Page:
Another reason to take snoring seriously! Sleep apnea linked to strokes.

sleepdisorder

Sleep apnea, the disorder that causes a person to stop breathing suddenly while sleeping, is already known to increase the risk of high blood pressure, heart failure, and daytime sleepiness.

seep apnea consequences

A new study suggests that the sleep disorder is also linked with small brain lesions and a symptomless form of stroke, known as silent stroke.

In the study, 56 men and women ( aged 44 to 75 years) who’d had a recent stroke or TIA underwent overnight polysomnograms.  91% had sleep apnea.

Furthermore, having more than five episodes of sleep apnea in a night was linked with having multiple extra “silent strokes” on their brain imaging studies.

silent stroke

Silent strokes don’t cause any symptoms as they occur, so a person typically doesn’t know he or she has suffered one, but they can eventually lead to memory loss and difficulties with walking, as their effects accumulate over the years.”

Yet another reason to take the on-line sleepiness test, and if your score is >10 see a sleep specialist and/or get an overnight polysomnogram in a certified sleep laboratory.

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Should “mild” sleep apnea be treated?

Have you had a sleep study and were told it showed “mild” sleep apnea, but treatment wasn’t necessary?  This very issue is often debated within the sleep community.  The presumption among some practitioners and patients is that the perceived “burden” of CPAP probably outweighs the benefit of treatment.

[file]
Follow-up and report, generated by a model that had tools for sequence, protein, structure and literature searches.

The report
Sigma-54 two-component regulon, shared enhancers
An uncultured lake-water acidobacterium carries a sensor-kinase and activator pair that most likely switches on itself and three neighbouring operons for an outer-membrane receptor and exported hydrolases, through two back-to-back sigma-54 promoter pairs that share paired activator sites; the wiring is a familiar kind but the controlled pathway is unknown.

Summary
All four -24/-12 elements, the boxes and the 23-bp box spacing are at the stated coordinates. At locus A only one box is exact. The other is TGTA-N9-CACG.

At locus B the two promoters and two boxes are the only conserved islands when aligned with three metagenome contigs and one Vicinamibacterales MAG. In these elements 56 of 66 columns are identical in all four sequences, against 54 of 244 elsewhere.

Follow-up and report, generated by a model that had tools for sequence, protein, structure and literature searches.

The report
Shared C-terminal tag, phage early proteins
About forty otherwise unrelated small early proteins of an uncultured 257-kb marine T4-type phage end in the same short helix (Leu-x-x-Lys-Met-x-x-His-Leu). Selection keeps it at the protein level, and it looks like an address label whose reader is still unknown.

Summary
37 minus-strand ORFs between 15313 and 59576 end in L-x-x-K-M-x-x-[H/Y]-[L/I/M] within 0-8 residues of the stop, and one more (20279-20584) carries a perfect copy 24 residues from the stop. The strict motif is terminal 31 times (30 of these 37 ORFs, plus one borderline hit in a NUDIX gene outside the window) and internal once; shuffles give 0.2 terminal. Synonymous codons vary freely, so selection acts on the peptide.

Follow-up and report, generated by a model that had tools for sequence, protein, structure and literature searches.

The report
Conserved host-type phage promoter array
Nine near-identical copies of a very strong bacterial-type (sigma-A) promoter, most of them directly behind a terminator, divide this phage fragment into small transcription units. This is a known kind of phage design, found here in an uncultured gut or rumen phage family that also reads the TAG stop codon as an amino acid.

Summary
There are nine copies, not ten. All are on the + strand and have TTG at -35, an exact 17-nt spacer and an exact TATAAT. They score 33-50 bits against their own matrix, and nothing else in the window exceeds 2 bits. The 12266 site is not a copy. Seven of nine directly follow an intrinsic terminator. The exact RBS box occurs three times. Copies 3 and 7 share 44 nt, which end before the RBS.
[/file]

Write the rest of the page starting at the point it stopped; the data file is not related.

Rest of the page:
CPAP

Sleep specialists are well aware that even patient’s with mild sleep apnea, usually defined by an apnea index of less than 15, can have a benefit from treatment with CPAP.  A recent study gives evidence for this.

Published in the journal, Thorax, the MOSAIC randomized trial sought to determine the effect of CPAP treatment on patient’s with mild OSA.  The determined effect was based on questionnaires regarding daytime sleepiness and function, as well as a variety of physiologic parameters, including blood pressure, blood sugar control, and cholesterol that signify vascular risk.

At 6 months, the patient’s were reassessed.  Even with a median CPAP usage of only about 2.5 hours per night, there was a significant improvement in daytime sleepiness scores.  There was no detected effect on vascular risk.  An obvious limitation of the study is that followup was only at 6 months, when the average usage of CPAP was still suboptimal.

Nevertheless, this study brings up a number of important points:

  • First, CPAP works!  The prospect of wearing a mask on your face to sleep may sound daunting.  With an experienced sleep specialist helping out, most patients can make get through those first few weeks.  They can actually learn to love it for the simple reason that it can make you feel better.  There are literally hundreds of different types of masks and one can usually be found that’s comfortable for you.  As this study shows, even patients with “mild” OSA can get a benefit from using it.
  • Second, health benefits from using CPAP are real.  Though the effect of CPAP on blood pressure, cardiovascular, and cerebrovascular  risk in mild OSA is modest, the risk reduction in people with moderate to severe OSA is very significant.

The important point here is that if you have symptoms of sleep apnea, such as excessive daytime sleepiness or snoring, and your sleep study shows only “mild” disease, treatment can work. 

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Find out more:

Sleep disorders in general,

Monmouth’s Sleep Lab,

Monmouth Neuroscience Institute’s Comprehensive Sleep Medicine Program.